Transposition in action
The new Bulgarian Public Procurement Act ("PPA"), introduced in mid-February 2016, is now in full force and effect. It provides the procurement rules which correspond to the new procurement package (Directive 2014/24/EU and Directive 2014/24/EU), except the rules for concessions (since Directive 2014/23/EU is expecting transposition in a separate piece of legislation).
The PPA is an attempt to preserve the balance between the already established rules, and those which Europe now puts on the table. It certainly does not constitute a copy-pasted version of the EU legislation, where the unique and specific focus of the Bulgarian legislator, as presented in the PPA, is in some cases positive, but alas - not in all.
Regarding the European legislator's aim of making the new procurement framework easier to use, more flexible, and less burdensome, unfortunately the Bulgarian legislature has definitely not managed to achieve this aim – PPA is multi-structured, too complex, and too dependent on its by-laws (which are complicated in and of themselves). A separate issue is that on an EU level, the ambitious desire for enacting simpler legislation, has proven difficult to implement in reality, and this affects the transposition in the Member States' national legislations as well.
One of the positive aspects of the new PPA is that it does not use the opportunity, provided by Directive 2014/24/EU (Art. 67, para 2, last sentence), to completely give up on the "lowest price" criterion. This criterion continues to exist in practice as a sub-criterion of the "most economically advantageous tender". For countries with high levels of corruption in the procurement sector, as is the case in Bulgaria, the excuse to expand the assessment of the contracting authority further, and to rely on a subjective approach would have a detrimental effect on the procurement process. For this reason, this moderate line taken by the Bulgarian legislator is appreciated.
This effectively means that procurements for which complex technical requirements are not needed can be assessed only by a price criterion without the use of complicated assessment methodology which often leads to discrimination against participants. This criterion has already proven to be positive in the selection of contractor/s for certain procurements and, despite the criticism from Europe that the preference of the "lower price" criterion somehow stops innovative development, its application could not be abolished in Bulgaria.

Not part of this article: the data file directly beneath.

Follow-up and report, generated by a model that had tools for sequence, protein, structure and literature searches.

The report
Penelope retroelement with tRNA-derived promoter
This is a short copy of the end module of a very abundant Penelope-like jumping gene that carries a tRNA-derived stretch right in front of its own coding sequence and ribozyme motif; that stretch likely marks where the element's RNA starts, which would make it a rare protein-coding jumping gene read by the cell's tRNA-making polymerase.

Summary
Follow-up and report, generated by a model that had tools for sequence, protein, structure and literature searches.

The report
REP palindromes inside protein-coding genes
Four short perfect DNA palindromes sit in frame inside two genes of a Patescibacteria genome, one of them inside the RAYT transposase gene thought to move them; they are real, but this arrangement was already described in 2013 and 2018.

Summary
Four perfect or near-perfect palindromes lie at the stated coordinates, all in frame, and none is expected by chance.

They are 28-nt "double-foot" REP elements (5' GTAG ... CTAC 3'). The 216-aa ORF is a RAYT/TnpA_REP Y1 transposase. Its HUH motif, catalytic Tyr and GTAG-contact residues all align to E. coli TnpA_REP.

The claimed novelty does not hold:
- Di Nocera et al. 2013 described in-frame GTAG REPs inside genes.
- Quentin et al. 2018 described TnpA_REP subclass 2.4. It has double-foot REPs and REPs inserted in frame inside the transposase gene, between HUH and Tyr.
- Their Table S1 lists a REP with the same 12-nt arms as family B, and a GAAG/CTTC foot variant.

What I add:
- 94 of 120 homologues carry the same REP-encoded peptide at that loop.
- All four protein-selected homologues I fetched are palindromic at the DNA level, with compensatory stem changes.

Ulcers in the process
Again, in spite of the exaltation of the new European standards in part of the Member States, some, completely new to the Bulgarian legislative techniques rules, have already encountered disapproval from practitioners, although they have still not been used in practice.
A typical example in this regard is the represented "self-cleaning" mechanism that will be used now in Bulgaria as well, as is the case in other Member States which already have experience in applying this mechanism, even before the implementation of the new rules (such as in Germany, the Netherlands, and Austria).
The provision of article 57 par. 6 of Directive 2014/24/EU is reproduced almost verbatim in the Bulgarian PPA. All too common legislative decisions such as "a participant has clarified the facts and circumstances exhaustively and has actively cooperated with the competent authorities and fulfils specific prescriptions, technical, organisational and staffing measures aimed to prevent new crimes or offenses" (Art. 56, para 1, it 3 PPA) now only arouse laughter. Clearly, such provision gives complete freedom to the contracting authority at its own discretion (or "properly advised") to determine whether the candidate should remain in the procurement procedure or not. It is totally unacceptable that the spending of public funds be regulated by terms such as "exhaustive", "active assistance", "measures to prevent future violations", without their corresponding strict definition being set out in the law… Yet again, this is not only an omission of the Bulgarian legislator, but also of the European framework as a whole. Regrettably, too liberal an approach to regulation in some cases is totally inappropriate.
The above criticism represents only a few basic and initially spotted features of the new law. We look forward to its enactment in practice. Still, practitioners have already expressed questions as to whether the new law will follow the fate of the previous one and will be doomed to endless amendments throughout the next decade.